“LEO is proud to benefit from a fantastic reputation within the premium serviced office market. Due to demand and our growth plans we are focussing on an aggressive acquisition plan for 2017 so we can continue to offer our clients the best business addresses and properties in London zone 1 and will work with major landlords & private investors to achieve this plan. This first building added to the portfolio is an extremely exciting Victoria location, Nova South, SW1 which is on schedule to welcome its first clients in April.”
– Beth Hampson, Sales and Marketing Director at LEO
In 2016, WeWork doubled its buildings, cities, countries, and number of members. In February 2017 alone, we had 12 openings and added over 9,300 members in 8 cities across three countries. We also added a new market (and state!) to our family – welcome, Detroit, Michigan! We are focused on our global expansion in 2017 in order to provide more locations in more places for our international membership.
In 2017, we plan on accelerating TOG’s growth plans – we currently have a portfolio of 1.2m sq ft and we have a fully funded plan to reach 2m sq ft, opening new locations as and when suitable opportunities arise. As well as new building acquisitions, we are excited about developing our secure pipeline of new flexible offices. Our workspace in Derwent’s White Collar Factory in Tech City is due to open in the summer and work starts soon on Tintagel House, which is on the riverfront in Vauxhall near MI6. At over 90,000 sq ft, this is the largest TOG building and is being developed with an award-winning project team including Stanton Williams and Universal Design Studio.”
-Olly Olsen, co-CEO at The Office Group
“In 2017 Office Space in Town will add to its growing portfolio of London offices. Across the group of offices, Office Space in Town is pioneering facilities, such as serviced bedrooms at the Monument office and ‘club’ membership giving occupants access to all Office Space in Town buildings. The firm continues its ongoing discussions with international investors to secure funding for new projects, with strong investor interest in London and the serviced office sector. We expect an increase in demand for our offices and serviced offices generally as more businesses react to Brexit uncertainty by moving towards flexible working and scaling their workforces down.”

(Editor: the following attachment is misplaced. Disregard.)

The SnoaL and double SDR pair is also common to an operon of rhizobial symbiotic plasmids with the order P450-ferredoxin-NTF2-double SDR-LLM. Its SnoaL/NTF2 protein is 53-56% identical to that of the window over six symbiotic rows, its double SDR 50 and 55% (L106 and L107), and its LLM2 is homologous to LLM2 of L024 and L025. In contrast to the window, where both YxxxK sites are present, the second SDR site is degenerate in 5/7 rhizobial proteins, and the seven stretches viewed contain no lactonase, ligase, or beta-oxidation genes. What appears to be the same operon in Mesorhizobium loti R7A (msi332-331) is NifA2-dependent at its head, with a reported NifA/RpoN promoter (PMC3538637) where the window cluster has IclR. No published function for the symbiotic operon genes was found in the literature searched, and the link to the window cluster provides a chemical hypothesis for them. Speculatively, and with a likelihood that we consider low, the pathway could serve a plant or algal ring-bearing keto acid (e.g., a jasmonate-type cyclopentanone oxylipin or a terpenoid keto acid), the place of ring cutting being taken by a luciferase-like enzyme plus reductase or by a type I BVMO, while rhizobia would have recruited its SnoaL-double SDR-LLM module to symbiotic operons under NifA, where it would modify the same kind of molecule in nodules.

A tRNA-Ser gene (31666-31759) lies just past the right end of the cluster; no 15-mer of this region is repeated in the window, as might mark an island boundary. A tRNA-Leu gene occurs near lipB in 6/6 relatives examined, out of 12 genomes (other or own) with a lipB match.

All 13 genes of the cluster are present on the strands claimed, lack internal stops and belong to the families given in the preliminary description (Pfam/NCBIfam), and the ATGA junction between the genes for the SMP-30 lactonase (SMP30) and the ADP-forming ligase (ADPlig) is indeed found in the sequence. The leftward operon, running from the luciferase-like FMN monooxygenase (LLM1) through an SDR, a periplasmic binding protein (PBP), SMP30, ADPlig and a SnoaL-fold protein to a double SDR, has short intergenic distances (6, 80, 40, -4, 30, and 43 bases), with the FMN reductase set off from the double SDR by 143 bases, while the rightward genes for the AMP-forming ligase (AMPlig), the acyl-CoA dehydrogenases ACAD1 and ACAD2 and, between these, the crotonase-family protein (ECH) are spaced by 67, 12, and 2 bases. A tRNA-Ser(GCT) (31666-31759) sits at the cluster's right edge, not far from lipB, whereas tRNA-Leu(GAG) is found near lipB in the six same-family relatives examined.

-Office Space in Town
2016 marked a strong year for the business with a roll-out of new workspace across the length and breadth of the UK. We continue to have a major presence in the UK’s city centres and impressive new spaces were opened in locations such as London, Glasgow and Belfast. There is also a focus on regional expansion, fulfilling the demand for flexible workspace options for professionals outside of the biggest cities. Recent openings include Salisbury, Ashford and Southampton – areas that have perhaps been well served by traditional office space in the past but not necessarily by newer, more dynamic and flexible offerings.
Users want different types of space, different styles and different levels of co-working space relative to private space. Our suite of services means that our hubs appeal to professional firms from a broad range of sectors and at very different stages of development. This is a vibrant and exciting time for the industry.
-Richard Morris, UK CEO at Regus
Navigating the growing flexible workspace market
“100% free, first class service”
Search Office Space is the longest-running flexible office finding service in the world; we offer a bespoke service to each client, creating search reports based on our local area knowledge, arranging viewings at properties and negotiating the very best deals.
We cover 99% of the global flexible office market and have matched thousands of entrepreneurs, startups and long-standing businesses with their perfect workspaces.
“Once again Search Office Space gave first class service. This is the second time we’ve used them and the service was fast (I’d only just pressed send on the email when I got a phone call!), friendly and efficient. From sending our initial enquiry to signing an agreement on our new place has taken three days.”